Author: I married young because I knew I wanted to get married and I wanted to have a family. In marrying so young, I made a choice that didn’t work out and I’m now divorced, but I have a beautiful daughter. It seems that often women are cornered in these ways: wait to find someone you feel truly compatible with and enter a marriage you feel as certain as possible will last but then deal with potential fertility issues, or marry young and take your chances when you’re still quite fertile. Not that it’s always an either/or situation, but still. Based on the way things have played out for you, what advice would you give to younger women when it comes to love/marriage/babies? I mentioned on Facebook a while back that women should take the time they need to try to find a truly healthy love relationship, but that if they don’t find a great partner by their mid-30′s, they should just have a baby alone.

 

Author at Babble: That’s why I had my baby when I was young and fertile. I am divorced now, but I have my kid. Maybe you should have thought about all of this 20 years ago…when you were still fertile.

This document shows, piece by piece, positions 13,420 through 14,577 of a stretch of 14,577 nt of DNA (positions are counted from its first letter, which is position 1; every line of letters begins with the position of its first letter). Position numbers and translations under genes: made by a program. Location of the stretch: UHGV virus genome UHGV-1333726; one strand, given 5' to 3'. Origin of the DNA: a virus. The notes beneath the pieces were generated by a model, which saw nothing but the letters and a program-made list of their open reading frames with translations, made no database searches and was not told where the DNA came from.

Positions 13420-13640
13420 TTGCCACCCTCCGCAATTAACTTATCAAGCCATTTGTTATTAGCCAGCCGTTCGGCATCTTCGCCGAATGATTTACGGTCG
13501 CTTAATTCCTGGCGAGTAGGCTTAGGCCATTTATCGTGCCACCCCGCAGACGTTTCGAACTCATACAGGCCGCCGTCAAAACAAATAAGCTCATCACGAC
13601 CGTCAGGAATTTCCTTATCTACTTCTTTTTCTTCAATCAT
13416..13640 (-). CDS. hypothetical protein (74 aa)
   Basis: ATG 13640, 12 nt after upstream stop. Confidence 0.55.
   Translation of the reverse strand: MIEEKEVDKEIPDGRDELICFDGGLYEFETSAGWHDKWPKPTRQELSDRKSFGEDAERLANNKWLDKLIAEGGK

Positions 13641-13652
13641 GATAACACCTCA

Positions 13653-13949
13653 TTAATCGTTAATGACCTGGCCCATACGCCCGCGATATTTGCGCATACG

Amy Klein (exhausted and demeaned): Goes Home.

Please, Please, Please editors, read posts before they go live. Babble, I expected more from you. We all do. This post has left a bad taste in my mouth for Babble and I am sure it has for other readers, as well. Try a little human kindness when addressing the issue of fertility.

Sincerely,

Truthful Mommy

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Comments (4)

Wow, they really let this one slide past, didn’t they? This is unacceptable from a place that is supposed to be for and by moms.

The author has every right to be judgmental of whoever or whatever she wants, but Babble also has the responsibility to not publish something so offensive to their readers.

@Michael Lombardi

This is exactly what I was thinking. It’s like no one was paying attention and to let such a controversial topic be covered so callously is total bullshit. That’s what editors are for, to stop this kind of thing from happening.

When I first started reading I immediately thought, “Well she is going to take us on a journey starting with judgment and ending at compassion.” But even after going back and forth with Klein she still stuck with her initial, off-color tone. I am all for opposing views but a little tact and humanity would have made this article worth my time. Bad form Babble and kudos to you for saying so. You have a new reader.

I kept waiting for it to get better too! It was a train wreck. Thanks for reading:) Welcome